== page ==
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According to the latest official figures, the number of companies that were wound up last year following intervention from HM Revenue & Customs (HMRC) reached the highest level for four years.
The clampdown on companies that go bust whilst owing a significant amount of tax resulted in the authority winding up 4,308 companies last year.
The figure is the highest since 2015 and represents a six per cent increase on the twelve months to September 2019.
Winding up petitions are used by HMRC to recover outstanding payments of various forms of business tax including VAT, Corporation Tax and PAYE. They result in the closure of a business and liquidation of any assets held.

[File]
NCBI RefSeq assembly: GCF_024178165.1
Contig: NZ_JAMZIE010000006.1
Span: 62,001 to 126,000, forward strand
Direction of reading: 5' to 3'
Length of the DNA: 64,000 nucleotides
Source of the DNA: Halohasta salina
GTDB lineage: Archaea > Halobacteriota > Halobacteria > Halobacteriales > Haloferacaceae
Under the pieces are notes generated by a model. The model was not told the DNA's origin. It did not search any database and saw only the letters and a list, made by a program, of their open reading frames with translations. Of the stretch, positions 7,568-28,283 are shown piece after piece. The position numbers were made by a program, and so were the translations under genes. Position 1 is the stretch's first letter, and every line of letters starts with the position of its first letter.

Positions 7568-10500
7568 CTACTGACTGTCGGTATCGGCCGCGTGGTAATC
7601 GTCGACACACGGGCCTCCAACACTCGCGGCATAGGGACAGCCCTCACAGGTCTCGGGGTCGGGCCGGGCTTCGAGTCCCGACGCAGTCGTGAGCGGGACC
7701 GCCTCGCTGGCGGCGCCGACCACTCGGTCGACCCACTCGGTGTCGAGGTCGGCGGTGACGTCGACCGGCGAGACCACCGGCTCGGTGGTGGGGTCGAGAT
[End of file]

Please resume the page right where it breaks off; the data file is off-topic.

Any business creditor can apply to a court for a winding-up petition, providing that a payment greater than £750 has been left unpaid for longer than three weeks.
Experts believe that this has led to more attempts by the tax authority to recover the outstanding debt through winding up businesses instead of working with the business on alternate methods to settle the debts.
The use of this method is also likely to increase as of April this year when HMRC becomes a secondary preferential creditor in insolvency cases.
A HMRC spokesman said: “We only initiate winding-up action as a last resort, where we believe this is the best way to protect both the interests of other taxpayers and creditors.
“Anyone who anticipates payment problems should call us as early as possible as we have an excellent track record for supporting those with genuine problems. We will always work with taxpayers to find the best possible solution.”